The smaller Multistrada sports top-flight electronics
We of the Great White Frozen North, as modest as we like to think we are, can be a little haughty. A little pretentious, even. While we are not quite as slavish to excess consumption as our neighbours to the south, neither are we strangers to competing with the mythical Joneses next door. To wit: even though we buy smaller cars than our American friends — the Toyota of choice south of the border is the Camy; here it is the Corolla — said smaller vehicles are invariably more hedonistically equipped. Ditto for high-end performance options. We Canadians, for instance, buy more premium performance versions — BMW M4s, Mercedes AMGs and the like — than any place on earth on a per population basis. We are far from the largest luxury car market in the world, but when we do decide that we want something, we buy the top-of-the-line version.
It appears our conceit also extends to two wheels, doubly so if you’re a premium European marque. Indeed, said need for ostentation is why, for 2019, we have a new S version of Ducati’s supposedly entry-level version of the Multistrada, the 950. The smaller of its two adventure bikes, Ducati originally sold the 950 as a bargain-basement “entry” into Ducati adventuring. Or, I should say, didn’t sell, because the original 950 — priced at a very reasonable (for a Ducati) 15 large or so the last time I tested one — didn’t move off Canadian dealer floors very well at all. Ducati loyalists, it seems, only want the full enchilada, even in their mid-displacement motorcycles. So, while a few markets still get a base model where even customers of upscale Italian brands need to watch their pennies, for we Canadians — and our Yank friends to the south as well — only the full-zoot 950 S will do.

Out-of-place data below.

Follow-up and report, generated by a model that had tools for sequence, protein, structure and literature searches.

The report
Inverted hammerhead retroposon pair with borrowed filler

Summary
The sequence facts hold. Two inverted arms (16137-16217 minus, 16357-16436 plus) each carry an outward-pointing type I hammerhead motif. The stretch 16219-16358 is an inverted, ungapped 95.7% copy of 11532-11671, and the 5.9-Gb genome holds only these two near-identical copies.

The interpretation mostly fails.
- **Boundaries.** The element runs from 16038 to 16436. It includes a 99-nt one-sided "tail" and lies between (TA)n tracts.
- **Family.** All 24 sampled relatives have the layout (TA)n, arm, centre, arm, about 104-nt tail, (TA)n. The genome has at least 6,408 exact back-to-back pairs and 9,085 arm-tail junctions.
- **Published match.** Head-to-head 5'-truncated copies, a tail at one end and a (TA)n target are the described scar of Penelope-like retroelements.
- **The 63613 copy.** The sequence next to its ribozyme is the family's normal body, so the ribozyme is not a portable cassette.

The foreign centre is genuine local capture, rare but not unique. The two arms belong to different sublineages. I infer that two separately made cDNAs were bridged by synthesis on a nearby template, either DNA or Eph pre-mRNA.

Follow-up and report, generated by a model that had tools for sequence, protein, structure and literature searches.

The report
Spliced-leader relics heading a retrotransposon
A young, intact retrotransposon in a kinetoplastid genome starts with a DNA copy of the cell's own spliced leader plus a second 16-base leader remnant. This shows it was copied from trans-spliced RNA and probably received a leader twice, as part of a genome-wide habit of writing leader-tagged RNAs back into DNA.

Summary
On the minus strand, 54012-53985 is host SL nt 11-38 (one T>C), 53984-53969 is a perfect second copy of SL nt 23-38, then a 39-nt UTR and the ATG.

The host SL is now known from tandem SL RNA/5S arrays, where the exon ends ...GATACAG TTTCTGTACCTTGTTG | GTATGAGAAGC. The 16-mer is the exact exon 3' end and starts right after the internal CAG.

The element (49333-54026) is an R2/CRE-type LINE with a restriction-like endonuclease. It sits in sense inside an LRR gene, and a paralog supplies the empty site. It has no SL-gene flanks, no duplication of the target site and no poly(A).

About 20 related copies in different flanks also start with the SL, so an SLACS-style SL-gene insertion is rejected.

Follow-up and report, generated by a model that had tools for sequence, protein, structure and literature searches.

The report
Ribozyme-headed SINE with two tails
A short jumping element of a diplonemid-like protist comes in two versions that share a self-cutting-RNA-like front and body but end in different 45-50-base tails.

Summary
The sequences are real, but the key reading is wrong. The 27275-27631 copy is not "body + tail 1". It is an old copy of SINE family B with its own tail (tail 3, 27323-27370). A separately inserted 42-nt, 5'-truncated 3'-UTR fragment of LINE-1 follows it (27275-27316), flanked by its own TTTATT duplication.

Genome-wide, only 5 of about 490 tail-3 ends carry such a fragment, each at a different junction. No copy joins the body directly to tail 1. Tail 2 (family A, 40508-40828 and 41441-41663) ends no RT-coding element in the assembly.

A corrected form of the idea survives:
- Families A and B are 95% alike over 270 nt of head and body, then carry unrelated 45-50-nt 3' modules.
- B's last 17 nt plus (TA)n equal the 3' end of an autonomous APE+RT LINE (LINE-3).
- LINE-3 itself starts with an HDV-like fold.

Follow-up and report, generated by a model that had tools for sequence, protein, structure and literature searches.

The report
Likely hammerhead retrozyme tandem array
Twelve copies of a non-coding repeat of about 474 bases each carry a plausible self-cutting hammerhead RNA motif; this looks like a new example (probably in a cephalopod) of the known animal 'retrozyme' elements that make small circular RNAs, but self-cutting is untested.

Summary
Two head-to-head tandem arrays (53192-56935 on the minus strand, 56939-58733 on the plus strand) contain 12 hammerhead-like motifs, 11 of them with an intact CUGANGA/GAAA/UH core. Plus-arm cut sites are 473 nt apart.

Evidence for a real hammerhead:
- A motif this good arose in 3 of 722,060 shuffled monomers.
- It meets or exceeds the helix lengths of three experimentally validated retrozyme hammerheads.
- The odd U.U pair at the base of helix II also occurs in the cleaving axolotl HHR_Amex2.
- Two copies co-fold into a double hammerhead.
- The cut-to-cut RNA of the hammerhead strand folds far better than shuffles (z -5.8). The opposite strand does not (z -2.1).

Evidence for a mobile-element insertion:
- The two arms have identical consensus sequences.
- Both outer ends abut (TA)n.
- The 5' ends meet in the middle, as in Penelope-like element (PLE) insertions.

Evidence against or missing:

That means that even the lowly 950 gets a full complement of electronically-adjust dampers — Ducati’s vaunted Skyhook Suspension — Ducati’s Quick Shift transmission and, stealing a trick from the automotive world, Vehicle Hold Control so the Multistrada doesn’t roll backwards when taking off up a steep incline. Factor in Cornering ABS — which prevents wheel lockup even when healed well over — traction control and the company’s latest multimedia interface and you have a mid-displacement motorcycle with all goodies. Think 1260 Multistrada without the gargantuan pistons, if you will.
The first thing that struck me as I twisted throttle on this latest is that it’s no doubt a measure of just how greedy we’ve all become that 937 cc — and the 113 horsepower it produces — has somehow been rendered lesser. Not so long ago, an (almost) litre adventure-touring motorcycle was considered “big” and it’s even more recently that 113 horsepower would have been considered more than ample.